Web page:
For some folks who contract it, the health effects of Covid-19 can be devastating. Likewise, we owe untold gratitude to those on the frontlines, providing care to those who are sick. The health risks and consequences are real.
But another element that is also affecting us is the isolation of this pandemic. It separates those who are ill from those they love. Even those who treat them have to be so encased in protection that it must be hard to tell who is caring for them.
By its nature, Covid-19 is a disease of separation – pulling people apart. And this is not just true for those who contract the disease – it’s true throughout society. Many of the things that have brought us together are now on hold. So much that we took for granted just 2 months ago has seemingly changed overnight – and who knows which of those things will be forever changed?
This pandemic has reminded us how much we need each other. We are not meant to live in isolation. Extrovert, introvert, or “ambivert,” we need others in our lives – people we can be real and raw with.
This was reinforced for me through a recent podcast conversation between Dr. Curt Thompson & Michael John Cusick. There are good insights throughout, such as: Get outside more than once a day. Anxiety is often about the future, but it impacts our present. We think of it as a state of mind, but it manifests itself in the body. If we can simply take a breath, remember who we are, be present – and be present before Christ – it can help change the equation.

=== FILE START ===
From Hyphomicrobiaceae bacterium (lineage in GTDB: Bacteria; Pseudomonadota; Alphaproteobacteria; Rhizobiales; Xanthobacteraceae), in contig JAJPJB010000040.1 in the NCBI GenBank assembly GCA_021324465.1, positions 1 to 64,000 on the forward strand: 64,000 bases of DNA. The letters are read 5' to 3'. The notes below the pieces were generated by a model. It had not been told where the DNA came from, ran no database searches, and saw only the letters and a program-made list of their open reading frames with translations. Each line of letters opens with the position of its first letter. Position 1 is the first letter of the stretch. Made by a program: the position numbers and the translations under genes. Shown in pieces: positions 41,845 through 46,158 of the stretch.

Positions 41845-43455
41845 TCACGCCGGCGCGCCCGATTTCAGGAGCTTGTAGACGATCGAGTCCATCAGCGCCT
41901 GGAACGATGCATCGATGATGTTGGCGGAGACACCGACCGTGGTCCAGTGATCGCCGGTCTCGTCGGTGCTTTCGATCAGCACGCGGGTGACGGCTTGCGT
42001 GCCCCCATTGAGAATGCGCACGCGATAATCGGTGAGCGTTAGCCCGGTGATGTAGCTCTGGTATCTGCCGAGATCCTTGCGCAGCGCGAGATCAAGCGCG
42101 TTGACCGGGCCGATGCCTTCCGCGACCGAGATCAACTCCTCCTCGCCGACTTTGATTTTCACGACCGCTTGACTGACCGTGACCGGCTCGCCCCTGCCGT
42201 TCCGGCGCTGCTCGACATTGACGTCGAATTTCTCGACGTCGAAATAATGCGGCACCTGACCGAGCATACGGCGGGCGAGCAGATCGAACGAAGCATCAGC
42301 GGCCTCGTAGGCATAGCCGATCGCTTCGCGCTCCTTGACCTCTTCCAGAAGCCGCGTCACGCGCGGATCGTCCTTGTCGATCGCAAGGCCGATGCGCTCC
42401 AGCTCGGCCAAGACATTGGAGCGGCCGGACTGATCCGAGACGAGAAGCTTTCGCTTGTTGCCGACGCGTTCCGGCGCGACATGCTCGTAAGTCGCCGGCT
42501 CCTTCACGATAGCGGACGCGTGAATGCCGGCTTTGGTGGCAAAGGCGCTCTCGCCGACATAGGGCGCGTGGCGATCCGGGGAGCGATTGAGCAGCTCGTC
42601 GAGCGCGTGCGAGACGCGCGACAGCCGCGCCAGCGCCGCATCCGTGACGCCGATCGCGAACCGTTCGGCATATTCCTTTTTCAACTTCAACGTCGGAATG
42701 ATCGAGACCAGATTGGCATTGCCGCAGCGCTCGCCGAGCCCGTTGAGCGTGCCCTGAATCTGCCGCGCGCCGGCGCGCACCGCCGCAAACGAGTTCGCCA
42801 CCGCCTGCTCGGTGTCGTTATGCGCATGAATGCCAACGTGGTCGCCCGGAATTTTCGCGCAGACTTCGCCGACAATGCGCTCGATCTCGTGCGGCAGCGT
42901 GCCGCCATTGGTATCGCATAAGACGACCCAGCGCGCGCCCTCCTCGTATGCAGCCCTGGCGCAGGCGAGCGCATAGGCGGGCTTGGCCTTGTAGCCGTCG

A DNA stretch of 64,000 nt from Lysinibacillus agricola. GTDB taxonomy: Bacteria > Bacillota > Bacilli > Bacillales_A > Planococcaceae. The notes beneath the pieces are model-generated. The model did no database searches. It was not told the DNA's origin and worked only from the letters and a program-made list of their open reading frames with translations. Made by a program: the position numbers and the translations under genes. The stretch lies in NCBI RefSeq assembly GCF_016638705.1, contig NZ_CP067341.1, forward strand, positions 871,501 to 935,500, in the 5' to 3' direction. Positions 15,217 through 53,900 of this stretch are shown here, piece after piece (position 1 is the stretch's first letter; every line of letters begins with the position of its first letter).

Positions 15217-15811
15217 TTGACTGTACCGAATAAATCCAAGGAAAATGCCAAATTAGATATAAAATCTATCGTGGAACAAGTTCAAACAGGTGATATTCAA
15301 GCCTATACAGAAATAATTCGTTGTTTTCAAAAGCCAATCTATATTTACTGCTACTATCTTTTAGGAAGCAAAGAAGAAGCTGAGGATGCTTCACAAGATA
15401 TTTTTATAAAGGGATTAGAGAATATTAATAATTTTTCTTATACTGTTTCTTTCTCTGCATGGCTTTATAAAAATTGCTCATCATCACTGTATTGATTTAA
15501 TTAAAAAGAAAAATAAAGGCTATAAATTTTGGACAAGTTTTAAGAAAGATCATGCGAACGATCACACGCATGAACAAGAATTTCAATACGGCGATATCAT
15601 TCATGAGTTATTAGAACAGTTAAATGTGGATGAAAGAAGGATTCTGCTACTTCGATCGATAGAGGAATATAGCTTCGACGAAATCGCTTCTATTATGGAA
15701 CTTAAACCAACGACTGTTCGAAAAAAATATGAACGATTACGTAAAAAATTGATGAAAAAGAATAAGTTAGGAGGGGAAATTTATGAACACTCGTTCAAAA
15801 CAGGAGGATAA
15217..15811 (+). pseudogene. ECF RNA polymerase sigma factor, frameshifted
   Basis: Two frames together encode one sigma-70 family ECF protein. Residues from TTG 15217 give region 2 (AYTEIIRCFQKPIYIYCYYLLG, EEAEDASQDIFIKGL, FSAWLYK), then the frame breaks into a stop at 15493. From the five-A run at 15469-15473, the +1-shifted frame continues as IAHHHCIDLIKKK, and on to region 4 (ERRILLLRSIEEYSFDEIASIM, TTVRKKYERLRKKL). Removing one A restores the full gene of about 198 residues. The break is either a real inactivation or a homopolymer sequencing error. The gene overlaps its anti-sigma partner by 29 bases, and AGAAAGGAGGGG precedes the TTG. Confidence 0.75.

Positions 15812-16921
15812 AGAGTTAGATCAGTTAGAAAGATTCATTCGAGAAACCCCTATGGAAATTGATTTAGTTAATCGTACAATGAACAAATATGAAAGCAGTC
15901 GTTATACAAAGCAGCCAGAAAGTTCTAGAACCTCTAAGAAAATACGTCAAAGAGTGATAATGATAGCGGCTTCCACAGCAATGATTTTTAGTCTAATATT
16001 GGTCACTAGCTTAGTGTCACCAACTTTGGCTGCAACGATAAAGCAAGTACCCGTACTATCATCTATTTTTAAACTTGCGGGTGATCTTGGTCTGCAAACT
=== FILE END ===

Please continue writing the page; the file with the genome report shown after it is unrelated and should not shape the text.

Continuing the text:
But I was especially struck by Thompsons’s insight that not only is Genesis clear that we are not meant to be alone – it’s also that we are most vulnerable when we are alone. Alone physically, yes; but also emotionally, spiritually, relationally.
I need this truth now more than ever. Spending most of my time at home, I’m more aware of the ways that I need others in my life. I’m working on ways to nurture this during a time of “physical distancing,” but talking over Zoom or texting just isn’t that same as being real with someone, in person.
To that end, I wonder how this pandemic will change the Church. Will we find ourselves relying more on technology? Will we, for at least a short time, be limited in our gatherings? I don’t know, but both seem likely.
Even so, in the midst of these changes & challenges, our need for others will not change. We need – I need – real friends I can be real with in the reality that I’m really living.
So, my hope is that, whatever Church ends up looking like post-corona, it will be more real, more raw, more relational – where all of us come out of quarantine and isolation, less concerned with how well we “do Sunday” – and more concerned with how well we “do life” with each other.